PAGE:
Teachers re-certify their rights


William Heirigs

This bag of chips is used to spread awareness of the recertification. The bag acts as a reminder to vote yes for recertification.

Joseph Heirigs and William Heirigs

Due to recent developments, some individuals and teachers are led to believe that the state doesn’t particularly care for the future of education. On Wednesday Oct. 30, the law known as Chapter 20 of the Iowa State Codes was recertified by the teachers of Iowa. Chapter 20 primarily protects the power of teachers’ voices. 

Chapter 20 was a law passed in 1974 in response to the teacher strikes, namely the strike that happened in Keokuk, Iowa. It is a law that protects teachers’ collective choice to have a Union. This grants them the ability to bargain on job benefits, wages, hours, and vacation time with their respective school districts and the state government. It also prohibits any and all public employees from going on strike. This very law is what safeguards the teachers of Iowa and gives them a voice.

The most crucial detail about Chapter 20 is its benefit of giving job security. A job at McDonald’s or Subway holds no security. These are called “at-will” jobs because one can be fired with little reason or cause. Chapter 20 protects teachers from being terminated without due process.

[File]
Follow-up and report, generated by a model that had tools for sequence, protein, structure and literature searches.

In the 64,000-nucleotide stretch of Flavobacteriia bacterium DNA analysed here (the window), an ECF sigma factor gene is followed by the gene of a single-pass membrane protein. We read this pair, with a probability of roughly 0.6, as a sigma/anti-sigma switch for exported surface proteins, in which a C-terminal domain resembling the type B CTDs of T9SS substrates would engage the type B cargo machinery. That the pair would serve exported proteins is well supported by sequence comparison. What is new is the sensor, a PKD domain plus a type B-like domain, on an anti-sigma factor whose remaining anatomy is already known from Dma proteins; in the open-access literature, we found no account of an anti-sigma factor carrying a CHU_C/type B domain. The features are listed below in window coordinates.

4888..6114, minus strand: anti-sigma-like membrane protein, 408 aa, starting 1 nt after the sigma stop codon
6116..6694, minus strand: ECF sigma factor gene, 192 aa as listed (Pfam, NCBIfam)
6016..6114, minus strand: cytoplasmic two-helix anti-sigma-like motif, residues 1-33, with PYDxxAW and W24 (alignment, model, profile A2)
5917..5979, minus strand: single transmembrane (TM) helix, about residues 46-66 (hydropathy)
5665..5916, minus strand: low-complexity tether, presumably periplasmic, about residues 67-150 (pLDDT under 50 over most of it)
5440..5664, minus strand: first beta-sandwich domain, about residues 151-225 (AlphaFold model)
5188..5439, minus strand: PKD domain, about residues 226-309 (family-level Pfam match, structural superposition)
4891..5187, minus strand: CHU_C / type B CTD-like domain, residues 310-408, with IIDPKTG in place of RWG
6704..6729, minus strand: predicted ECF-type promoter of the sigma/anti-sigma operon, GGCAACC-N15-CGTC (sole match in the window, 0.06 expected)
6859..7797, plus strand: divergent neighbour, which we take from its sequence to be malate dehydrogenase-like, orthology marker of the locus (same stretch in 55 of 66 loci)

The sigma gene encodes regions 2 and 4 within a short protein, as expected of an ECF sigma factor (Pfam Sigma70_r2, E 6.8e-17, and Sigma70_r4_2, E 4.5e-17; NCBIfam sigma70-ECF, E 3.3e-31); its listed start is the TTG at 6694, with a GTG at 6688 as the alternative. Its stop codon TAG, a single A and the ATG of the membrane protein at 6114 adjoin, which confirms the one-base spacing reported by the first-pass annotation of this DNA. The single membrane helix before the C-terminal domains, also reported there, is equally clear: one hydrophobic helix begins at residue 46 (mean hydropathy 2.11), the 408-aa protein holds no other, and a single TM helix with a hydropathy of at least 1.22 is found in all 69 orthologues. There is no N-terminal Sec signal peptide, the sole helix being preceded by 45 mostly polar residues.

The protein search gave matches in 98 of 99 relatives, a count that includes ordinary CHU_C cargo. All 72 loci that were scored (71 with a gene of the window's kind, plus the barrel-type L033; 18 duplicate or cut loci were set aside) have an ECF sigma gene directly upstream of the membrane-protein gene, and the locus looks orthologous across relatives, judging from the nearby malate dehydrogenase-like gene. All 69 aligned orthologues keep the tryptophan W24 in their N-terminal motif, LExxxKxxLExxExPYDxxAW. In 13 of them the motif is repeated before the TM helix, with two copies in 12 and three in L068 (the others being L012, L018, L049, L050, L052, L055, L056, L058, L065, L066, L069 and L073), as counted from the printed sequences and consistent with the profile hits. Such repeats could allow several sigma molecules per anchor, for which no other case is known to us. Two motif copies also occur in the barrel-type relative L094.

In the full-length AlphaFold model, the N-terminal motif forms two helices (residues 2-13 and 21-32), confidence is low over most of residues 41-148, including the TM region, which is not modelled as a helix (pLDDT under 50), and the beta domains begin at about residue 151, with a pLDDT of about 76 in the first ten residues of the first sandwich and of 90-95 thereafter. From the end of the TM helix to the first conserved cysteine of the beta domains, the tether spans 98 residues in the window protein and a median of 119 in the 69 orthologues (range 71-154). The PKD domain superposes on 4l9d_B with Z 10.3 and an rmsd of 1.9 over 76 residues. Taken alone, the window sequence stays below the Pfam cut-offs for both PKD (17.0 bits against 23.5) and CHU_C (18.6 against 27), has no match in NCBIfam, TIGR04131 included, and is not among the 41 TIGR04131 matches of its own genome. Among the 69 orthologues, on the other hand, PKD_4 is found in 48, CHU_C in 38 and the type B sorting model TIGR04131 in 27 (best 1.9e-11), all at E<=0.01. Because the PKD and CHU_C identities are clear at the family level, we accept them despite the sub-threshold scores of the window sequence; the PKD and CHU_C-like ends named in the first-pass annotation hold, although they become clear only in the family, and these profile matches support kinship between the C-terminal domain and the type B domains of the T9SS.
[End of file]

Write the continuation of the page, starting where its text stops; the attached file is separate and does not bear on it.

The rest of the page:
As a student, one may question, “How does this affect me?” 

“You would begin to see an exodus of teachers,” TAG teacher Jay Swords said.

Without job security, and the ability to negotiate, they would leave. It would be unsurprising if teachers moved to a different state that would treat them better, and give them their former power back.

Still, this does not answer the questions students may have about how this directly affects them. It does not, it is the inadvertent and indirect effects that come after that will. Many electives available to students would be eliminated, and the quality of teaching would go down altogether. Students would be pushed into more classes together, rather than spread apart for a better student-to-teacher ratio of teaching. 

The detriments to the quality of education is simple to think of, it does provide a more thought-provoking question. How valuable is education in the eyes of the state?

Students have always been told to appreciate and value education, but how can this be done if those that are entrusted to educate are not valued in the first place?

“[The] State made a cheap shot at no voting,” Social studies teacher Jack Achs said. 

The State made teachers’ unions differ from other government workers such as policemen and firefighters back in 2017. According to the 14th Amendment, doing such is unconstitutional. 

Turning every non-voter into a no-vote is seemingly unjust because “Where in [a] democracy does that happen?” Achs said. 

An excerpt from the 14th amendment, states that “No State shall make or enforce any law which shall abridge the privileges or immunities of citizens of the United States.”